Weather Alert


A Heat Advisory has been issued for the area Saturday.  Heat indices will be between 105 and 110 during the afternoon hours.



WEAR - Search Results

The following is an archived video story. The text content of that video story is available below for reference. The original video has been deleted and is no longer available.

Governor signs tough sex offender laws

FLORIDA  --    Governor Rick Scott signed four bills this afternoon designed to make Florida the most "unfriendly state" for sex offenders and predators.

Homeless offenders will now, be required to let police know where they spend their time.

Lauren Book was abused by her nanny, Chris Swinehart by his stepfather.

Chris Swinehart/Abused Teen "My mom told me change the story and I didn't think that was fair for her and for him to do that to me."

Both came to the Capitol to see tough new sex offender legislation signed by the Governor.

"I want to thank you for hearing them. Thank you for hearing us."
The legislation makes it easier to keep sex offenders in treatment after serving their prison sentences,

Rep. Matt Gaetz/ R-Fort Walton Beach "No one has ever raped a child from the inside of a prison cell, and that's where many of these predators are going to spend a lot more time."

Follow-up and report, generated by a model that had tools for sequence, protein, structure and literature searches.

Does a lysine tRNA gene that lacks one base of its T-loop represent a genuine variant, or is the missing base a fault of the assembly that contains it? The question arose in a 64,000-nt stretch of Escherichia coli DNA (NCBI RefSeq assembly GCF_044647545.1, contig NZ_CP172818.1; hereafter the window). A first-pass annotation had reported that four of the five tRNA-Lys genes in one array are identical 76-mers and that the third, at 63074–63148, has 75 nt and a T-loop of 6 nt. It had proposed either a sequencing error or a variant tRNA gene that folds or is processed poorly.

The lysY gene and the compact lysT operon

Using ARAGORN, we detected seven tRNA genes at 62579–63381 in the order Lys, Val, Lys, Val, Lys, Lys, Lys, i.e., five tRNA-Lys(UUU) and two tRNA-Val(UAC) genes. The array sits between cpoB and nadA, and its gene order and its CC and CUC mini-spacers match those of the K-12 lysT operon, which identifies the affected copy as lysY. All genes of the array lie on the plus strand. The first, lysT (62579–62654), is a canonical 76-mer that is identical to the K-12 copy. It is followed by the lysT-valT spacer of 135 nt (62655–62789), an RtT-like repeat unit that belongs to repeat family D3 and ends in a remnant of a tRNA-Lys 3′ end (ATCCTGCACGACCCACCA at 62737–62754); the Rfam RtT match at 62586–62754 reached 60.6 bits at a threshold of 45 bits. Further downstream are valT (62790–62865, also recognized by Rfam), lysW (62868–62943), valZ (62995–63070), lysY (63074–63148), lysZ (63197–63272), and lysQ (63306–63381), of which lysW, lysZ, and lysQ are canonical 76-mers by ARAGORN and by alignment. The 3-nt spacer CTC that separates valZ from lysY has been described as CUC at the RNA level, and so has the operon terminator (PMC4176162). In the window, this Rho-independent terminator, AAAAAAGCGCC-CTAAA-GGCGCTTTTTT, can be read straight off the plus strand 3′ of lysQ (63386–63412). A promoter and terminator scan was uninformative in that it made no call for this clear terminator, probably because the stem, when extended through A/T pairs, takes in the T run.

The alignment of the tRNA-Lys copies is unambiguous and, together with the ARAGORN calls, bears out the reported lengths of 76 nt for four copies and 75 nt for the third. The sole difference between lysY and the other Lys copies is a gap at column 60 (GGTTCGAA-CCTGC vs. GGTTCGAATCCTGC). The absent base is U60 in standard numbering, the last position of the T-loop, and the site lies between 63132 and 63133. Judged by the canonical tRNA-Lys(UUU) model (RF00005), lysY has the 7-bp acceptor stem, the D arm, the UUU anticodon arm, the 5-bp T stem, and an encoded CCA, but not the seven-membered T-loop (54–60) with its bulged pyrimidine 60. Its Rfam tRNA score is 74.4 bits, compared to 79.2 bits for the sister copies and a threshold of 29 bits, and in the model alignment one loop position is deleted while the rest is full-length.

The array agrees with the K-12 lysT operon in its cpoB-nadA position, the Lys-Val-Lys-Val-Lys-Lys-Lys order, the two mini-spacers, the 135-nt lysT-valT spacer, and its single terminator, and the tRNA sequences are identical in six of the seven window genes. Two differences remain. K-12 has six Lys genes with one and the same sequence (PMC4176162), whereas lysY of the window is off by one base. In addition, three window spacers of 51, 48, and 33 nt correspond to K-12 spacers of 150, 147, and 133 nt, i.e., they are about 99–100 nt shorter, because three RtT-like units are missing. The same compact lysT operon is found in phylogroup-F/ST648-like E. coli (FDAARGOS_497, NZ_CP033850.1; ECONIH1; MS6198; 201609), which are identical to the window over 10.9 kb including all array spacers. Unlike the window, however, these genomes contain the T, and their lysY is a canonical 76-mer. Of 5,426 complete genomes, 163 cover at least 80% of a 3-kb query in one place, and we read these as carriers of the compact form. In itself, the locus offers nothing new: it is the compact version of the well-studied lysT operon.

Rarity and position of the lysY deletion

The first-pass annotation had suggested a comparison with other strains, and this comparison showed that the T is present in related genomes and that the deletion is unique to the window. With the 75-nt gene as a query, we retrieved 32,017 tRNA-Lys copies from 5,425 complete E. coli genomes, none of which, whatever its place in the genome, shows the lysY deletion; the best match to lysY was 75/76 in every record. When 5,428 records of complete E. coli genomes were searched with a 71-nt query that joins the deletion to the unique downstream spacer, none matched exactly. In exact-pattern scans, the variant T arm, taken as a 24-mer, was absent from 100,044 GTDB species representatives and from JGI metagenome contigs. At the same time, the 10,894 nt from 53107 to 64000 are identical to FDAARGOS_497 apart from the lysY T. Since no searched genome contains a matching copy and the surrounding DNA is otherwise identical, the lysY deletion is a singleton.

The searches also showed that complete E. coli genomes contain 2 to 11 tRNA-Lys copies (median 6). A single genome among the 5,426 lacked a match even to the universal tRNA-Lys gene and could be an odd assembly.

It keeps them on probation after they are released, and makes them register any cars they might drive, their email addresses before they are used, and where they are living within 48 hours of a change.

Sen. Greg Evers/R - Baker "We wanted them to register, we wanted to know even if they're homeless and livin under a bridge. which end of the bridge do you live under?

Hillsborough Detective Kat Poyner says the registration will make offenders think twice.

Kat Poyner/Hillsborough Sheriff's Detective "I think that when they come in and they are registering and they realize all the different ramifications and sanctions that they are under. I think it makes them behave.

Mike Vasilinda "The current law says the worst sex offenders can be sentenced for 25 years to life, the new law, a minimum of fifty."

During the bill signing, a victim's advocate held a picture of 9-year-old Cherish Perrywinkle who was killed last year. Had the new provisions been law back then, many believe Cherish would still be alive.